As mentioned before, you need to piece lots of different bits of information together from different sections of the Mystery Times. This overarching puzzle is a fab way to make this a really cohesive game. It was really fun to pull together the various elements to determine the correct path to choose to help work out the final code to access William Kidd’s treasure. And then for the final layer of excitement- opening the treasure up! Being able to input the code into a padlock to access the ‘treasure’ brings the tactile experience of an escape room in the comfort of your own home, and with the extra fun of getting to keep what’s in the treasure box.

We enjoyed this game and think it is a great way to add an extra layer of fun to any gift-giving situation! The game took us a little under an hour so is a great extra part of a gift (and also you can organise it so you can play it with the gift recipient- FUN!!).

If you’re not sure what to get for that next upcoming birthday, we would suggest a Chocolateral Bar wrapped up as William Kidd’s treasure using this Kidd- so much puzzling fun in one celebration event!

The Lost Treasure Mystery can be purchased by heading to Morgan’s Escape here.

Hackers: Blood Over Baker Street | Review

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Blood Over Baker Street Review | Sherlock Holmes is missing. You are a group of journalists from The Strand magazine, sent to interview the world’s most famous detective. But you discover the remnants of a scuffle – his usually fastidious Victorian lair is in disarray. But there are clues that something is afoot, a nefarious game that pulls you into the depths of London and beyond. 

 

Date Played: 8th May 2022
Time Taken: ~1 hour
Number of Players: 4
Difficulty: Easy/Medium

 

An Escape Room? Nope… An Adventure Room!

Ok, so, where to begin?! Lets start at the beginning.  The rooms are also located within the same building as a really cool bar and beautifully themed adventure golf course – all run by Hackers. Its safe to say, we were all salivating whilst waiting to check in at reception, given quite how phenomenal this downstairs area looked. Making our way upstairs to the ‘adventure room’ area, we were greeted by an awesomely large waiting room packed with stacks of games to play whilst waiting for your game session. This certainly kept us entertained!

We were also greeted very warmly by our two hosts and first impressions always count so we knew we were in for something special!

Now onto the experience itself…

 

Walking through the first door, the initial area, although simplistic in nature given its Victoria London roots, gives the players just small glimpse of what is to come. Its safe to say, when Hackers themselves bill their rooms as “Adventure” as opposed to ” Escape”, they couldn’t be more honest! This room whets the appetite for adventure like nothing we’ve played before.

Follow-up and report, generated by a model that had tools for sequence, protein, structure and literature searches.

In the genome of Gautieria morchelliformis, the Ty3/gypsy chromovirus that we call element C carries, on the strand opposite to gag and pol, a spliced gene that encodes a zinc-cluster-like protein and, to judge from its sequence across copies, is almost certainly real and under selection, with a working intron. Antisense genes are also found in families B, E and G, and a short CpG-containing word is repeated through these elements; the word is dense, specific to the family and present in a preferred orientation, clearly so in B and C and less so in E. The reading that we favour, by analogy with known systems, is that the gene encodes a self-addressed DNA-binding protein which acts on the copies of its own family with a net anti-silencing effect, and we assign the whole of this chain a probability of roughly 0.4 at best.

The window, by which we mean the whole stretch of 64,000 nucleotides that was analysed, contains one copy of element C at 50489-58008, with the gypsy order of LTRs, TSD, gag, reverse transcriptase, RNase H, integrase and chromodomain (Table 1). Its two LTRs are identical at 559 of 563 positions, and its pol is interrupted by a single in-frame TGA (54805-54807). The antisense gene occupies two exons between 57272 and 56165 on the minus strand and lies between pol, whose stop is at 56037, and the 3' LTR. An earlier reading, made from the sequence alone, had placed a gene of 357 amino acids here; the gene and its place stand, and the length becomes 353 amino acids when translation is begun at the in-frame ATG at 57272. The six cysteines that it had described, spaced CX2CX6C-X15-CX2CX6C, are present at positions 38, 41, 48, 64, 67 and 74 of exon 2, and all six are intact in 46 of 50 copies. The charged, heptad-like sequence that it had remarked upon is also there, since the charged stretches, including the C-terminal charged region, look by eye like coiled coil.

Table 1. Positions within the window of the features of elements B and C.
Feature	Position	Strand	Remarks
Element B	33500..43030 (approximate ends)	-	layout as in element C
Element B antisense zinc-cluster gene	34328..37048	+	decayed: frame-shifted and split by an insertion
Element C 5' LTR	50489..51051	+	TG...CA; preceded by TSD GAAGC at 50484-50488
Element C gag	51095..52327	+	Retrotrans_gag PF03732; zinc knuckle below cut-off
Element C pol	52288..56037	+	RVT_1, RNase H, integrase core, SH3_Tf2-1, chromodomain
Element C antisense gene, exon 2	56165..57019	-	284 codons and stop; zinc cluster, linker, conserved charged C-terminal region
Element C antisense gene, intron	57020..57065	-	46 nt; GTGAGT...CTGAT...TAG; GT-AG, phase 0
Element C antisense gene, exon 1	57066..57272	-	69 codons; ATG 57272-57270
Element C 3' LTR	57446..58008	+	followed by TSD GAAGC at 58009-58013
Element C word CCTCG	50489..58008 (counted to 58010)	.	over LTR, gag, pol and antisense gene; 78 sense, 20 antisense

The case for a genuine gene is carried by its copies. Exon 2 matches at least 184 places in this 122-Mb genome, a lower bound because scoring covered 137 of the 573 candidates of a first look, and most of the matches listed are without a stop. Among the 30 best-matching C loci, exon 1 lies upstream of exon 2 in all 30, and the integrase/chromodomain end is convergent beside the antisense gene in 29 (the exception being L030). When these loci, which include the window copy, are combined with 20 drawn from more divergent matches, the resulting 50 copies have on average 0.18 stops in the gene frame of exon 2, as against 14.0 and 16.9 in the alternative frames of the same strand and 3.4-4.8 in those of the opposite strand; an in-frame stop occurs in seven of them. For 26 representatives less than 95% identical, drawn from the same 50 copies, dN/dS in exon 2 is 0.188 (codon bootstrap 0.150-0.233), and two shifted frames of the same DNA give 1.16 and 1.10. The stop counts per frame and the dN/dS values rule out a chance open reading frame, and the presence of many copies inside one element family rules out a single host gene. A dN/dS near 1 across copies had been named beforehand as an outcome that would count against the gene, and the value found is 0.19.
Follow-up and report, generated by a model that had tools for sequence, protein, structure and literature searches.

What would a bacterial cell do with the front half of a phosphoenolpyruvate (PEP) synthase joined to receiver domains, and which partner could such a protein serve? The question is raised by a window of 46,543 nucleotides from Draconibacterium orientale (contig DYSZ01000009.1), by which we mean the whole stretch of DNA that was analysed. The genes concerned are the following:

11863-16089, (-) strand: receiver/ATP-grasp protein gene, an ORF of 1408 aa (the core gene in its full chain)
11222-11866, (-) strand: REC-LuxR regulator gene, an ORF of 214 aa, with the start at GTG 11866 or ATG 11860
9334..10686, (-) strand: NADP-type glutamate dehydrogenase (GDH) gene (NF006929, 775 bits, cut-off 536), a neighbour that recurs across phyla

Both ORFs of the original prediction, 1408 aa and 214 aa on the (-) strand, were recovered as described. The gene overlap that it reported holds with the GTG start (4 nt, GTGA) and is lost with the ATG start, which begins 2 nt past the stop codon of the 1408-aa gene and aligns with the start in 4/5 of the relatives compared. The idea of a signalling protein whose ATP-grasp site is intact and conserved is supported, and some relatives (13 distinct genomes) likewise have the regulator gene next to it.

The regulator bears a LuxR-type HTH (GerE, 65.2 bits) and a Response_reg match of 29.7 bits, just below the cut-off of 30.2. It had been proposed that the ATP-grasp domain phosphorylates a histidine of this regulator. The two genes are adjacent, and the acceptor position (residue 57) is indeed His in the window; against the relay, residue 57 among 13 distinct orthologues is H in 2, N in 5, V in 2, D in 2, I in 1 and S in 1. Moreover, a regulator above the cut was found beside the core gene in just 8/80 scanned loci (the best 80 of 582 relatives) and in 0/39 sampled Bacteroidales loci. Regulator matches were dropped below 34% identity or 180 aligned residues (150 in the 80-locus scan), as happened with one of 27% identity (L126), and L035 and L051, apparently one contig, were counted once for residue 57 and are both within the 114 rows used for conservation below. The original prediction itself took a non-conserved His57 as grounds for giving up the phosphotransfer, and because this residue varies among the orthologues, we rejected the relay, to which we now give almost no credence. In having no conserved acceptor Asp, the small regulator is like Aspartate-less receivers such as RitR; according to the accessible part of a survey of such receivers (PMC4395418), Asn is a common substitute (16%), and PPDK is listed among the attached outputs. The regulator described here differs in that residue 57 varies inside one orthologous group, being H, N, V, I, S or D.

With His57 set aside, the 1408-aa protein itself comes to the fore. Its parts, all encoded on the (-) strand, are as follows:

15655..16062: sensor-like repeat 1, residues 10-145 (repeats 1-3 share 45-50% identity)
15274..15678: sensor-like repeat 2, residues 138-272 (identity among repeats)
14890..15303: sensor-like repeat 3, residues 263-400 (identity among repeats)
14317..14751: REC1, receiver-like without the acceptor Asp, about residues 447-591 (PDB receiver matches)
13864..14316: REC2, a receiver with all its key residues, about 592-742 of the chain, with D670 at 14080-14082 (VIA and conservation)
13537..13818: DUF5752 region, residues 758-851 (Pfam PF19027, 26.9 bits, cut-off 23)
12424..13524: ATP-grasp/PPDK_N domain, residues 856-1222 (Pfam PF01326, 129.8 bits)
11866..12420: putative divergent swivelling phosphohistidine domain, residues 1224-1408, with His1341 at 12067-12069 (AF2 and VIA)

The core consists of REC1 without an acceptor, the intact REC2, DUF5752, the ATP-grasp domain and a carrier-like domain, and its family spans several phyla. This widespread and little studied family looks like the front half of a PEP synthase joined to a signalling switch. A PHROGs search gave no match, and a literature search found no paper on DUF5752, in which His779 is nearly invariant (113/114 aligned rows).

Sherlock Holmes has gone missing, and Dr. Watson… Well… He’s been replaced with a robot for reasons made very clear you you in a quirky and light-hearted video at the start. Your first challenge is to work out primary suspect behind Sherlocks disappearance. This was a really novel way of starting any escape room: the normal pressure of time didn’t feel as if it weighed heavy on our shoulders and it gave a nice, steady start into the experience with something for everyone to do in the room.

As ever from me, NO SPOILERS, however, we’d recommend you pay close attention to your briefing from the gamemaster. The way in which you deduct suspects is really clever and although we didn’t make mistakes in our deduction approach, it is very easy to slip up, so pay attention! It’s a clever display of modern technology merged with an exceptional Victorian theme, and expertly done in this first area.

 

But Then… Things Take a Bit of a Dark Turn

This room features a pretty spectacular storyline – so all we can say here is: Expect the unexpected!

Whereas other rooms put their puzzles are the centre of their escape room experience and then build a storyline up around it – Blood Over Baker Street takes the opposite approach. A rich and complex storyline with multiple characters and locations, with each puzzle serving as a mechanic to further the storyline along.

Yep, there are some dark moments (in both theme and atmosphere) but nothing that is there to scare or shock. In fact, my 11 year old came along and there were a few moments where he was a little on edge but nothing that would keep him awake at night!

Again, although we very much wish to stay away from spoilers, perhaps a few of the images from Hackers’ own website will give a sense of that eeriness we encountered…

 

 

Do You Need to be a Detective to Solve this Mystery?!

The short answer…. No!

All the puzzles in this game are short and sharp and won’t push the brain cells to work on overtime. This sits really well with the family approach that Hackers are taking! There is no need for any outside knowledge, if anything there are a number of puzzles in this game which are physical in their nature. With these physical puzzles, it certainly gives everyone there time to shine.

By that train of thought, don’t expect an overwhelming volume of ciphers, combination locks, taxing mathematical equations. Sure, there are a few, but the more physical, tangible style of puzzle takes precedence here. A refreshing break from the norm!

 

An Epic Adventure for the Eyes

Aesthetically, this room is certainly up there as one of the very best. The outstanding combination of attention to detail, lighting, sound effects, and some really inspired room transitions, mean it won’t be one we will forget in a while.